Only shows I watch nowadays are Ina Garten (tasty, unfussy recipes; she seems poised and articulate); Michael Chiarello (don't know why an earlier post said he was "odd" -- I find him charming); Good Eats; Tyler's Ultimate (though they seem to have changed the format from earlier years -- he did a lot more traveling in search of the best recipe). Finally, I really, really miss Anthony Bourdain.
                  OK, sorry for the FN ranting -- I just had to let it out.

                  1. re: kzavarin

                    you are right, I have been waiting for a chinese or any kind of asian chef on food network for a while since ming tsai left , I hope they realize the audience need to see somebody besides bobby flay

                    1. re: monkfanatic

                      There is a good Australian-Chinese chef, Kylie Kwong, whose shows air on Food Network Canada: http://www.foodtv.ca/ontv/titledetail.... I enjoy her shows.

                  2. re: ooroger

                    I'd love to see something like "Cooks Illustrated" for tv... product and ingredient testing and reviews, making classic recipes healthier, fabulous recipes.

                    that said, we do enjoy Alton and Iron Chef. I haven't really caught Ina's show often, maybe just a couple times. Perhaps I'll give her another try. :)

                    1. re: jujuthomas

                      it exists - it's called americas test kitchen on PBS

                      1. re: Jeserf

                        Thanks, I'll have to look for that.

                        1. re: jujuthomas

                          Go to www.americastestkitchen.com for station info. It is made by Cooks Illustrated, so a lot of the recipes make it to the magazine and books.

                  3. Alton Brown is pretty much the only reason why I still tune into the Food Network. Giada's show covers Italian food in a mediocre fashion, and Paula Deen doesn't offer any interesting information. And as much as I like Iron Chef America it'll never really compare to the campiness of the original.

                    FN is really geared towards those who like fluffy content. They do the quick and easy route ("30 Minute Meals"), how to entertain guests, and the cutesy Italian stuff (going back to Giada). But if you want to further hone your culinary skills here however, you can forget it.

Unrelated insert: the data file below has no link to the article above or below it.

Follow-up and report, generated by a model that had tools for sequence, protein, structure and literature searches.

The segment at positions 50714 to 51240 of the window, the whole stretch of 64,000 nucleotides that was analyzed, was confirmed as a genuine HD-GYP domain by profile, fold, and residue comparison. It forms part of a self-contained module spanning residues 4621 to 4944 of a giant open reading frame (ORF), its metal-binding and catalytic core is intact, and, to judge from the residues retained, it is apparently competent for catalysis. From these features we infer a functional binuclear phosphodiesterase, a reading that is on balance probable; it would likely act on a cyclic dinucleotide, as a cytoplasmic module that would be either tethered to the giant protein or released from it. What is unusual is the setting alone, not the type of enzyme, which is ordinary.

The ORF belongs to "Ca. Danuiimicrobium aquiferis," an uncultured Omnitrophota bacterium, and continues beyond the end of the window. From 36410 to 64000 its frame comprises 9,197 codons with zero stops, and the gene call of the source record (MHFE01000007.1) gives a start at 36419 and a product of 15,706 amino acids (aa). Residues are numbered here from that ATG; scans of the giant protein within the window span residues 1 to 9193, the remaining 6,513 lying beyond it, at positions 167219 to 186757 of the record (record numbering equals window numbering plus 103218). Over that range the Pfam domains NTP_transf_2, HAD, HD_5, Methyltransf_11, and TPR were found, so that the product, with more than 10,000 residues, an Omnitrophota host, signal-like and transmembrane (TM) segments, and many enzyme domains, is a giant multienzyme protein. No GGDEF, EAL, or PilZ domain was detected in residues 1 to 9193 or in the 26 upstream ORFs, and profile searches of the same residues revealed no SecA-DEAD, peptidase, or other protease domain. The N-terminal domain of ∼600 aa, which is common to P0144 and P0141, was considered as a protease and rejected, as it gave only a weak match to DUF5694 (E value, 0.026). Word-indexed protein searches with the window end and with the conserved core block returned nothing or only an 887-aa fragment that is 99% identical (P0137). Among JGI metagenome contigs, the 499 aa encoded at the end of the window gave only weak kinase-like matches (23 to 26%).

1. I don't really watch FN to hone my skills in any way. In fact, I've never once made anything they've shown. I watch purely for entertainment. And maybe I find it a little comforting too.

                      That said, I find Alton Brown's show boring and outdated. Ina is too quiet and monotonous. RR is ok. I prefer Giada, Mario, and Bobby Flay.

                      I also really like the travel-food shows like Road Tasted, $40 a day, etc. Oh, and the competition shows like Iron Chef and Throwndown with Bobby Flay.

                      1. I think the question is who is the Food Network geared to serve. I don't think it is the people posting to this board. I think it is people like my sister. My sister didn't really do any cooking as she was growing up, she lived in a dorm in college and the got married immediately after. She was married to a picky eater and she had no skills.

                        One day I went to visit her and she was talking about 30 Minutes Meals and told me she tried to make one but it took her an hour and a half. After I finished laughing, I asked to see the recipe. It was for chili and had a rather large number of ingredients for a Rachael Ray recipe and of course much chopping of vegetables. I told her the receipe was doable in the 30 minutes once she improved her knife skills and stopped measuring every little thing.

                        Seven years later my sister is now a pretty good cook (although her husband is still a picky eater). She watches Rachael Ray simply for ideas (flavors and shortcuts) but makes the dish without a recipe.

                        I think that is the purpose of much of Food Network's programing. When I watch Rachael Ray I have the same opinion of someone above that said it is nothing I could not have put together myself (although I think the queen of this is Robin Miller). It is for people who just wouldn't cook otherwise. Many of the people posting to this board do cook every night and find their inspiration in many, many different places (including the Home Cooking board). You don't really need the Food Network, you just want to.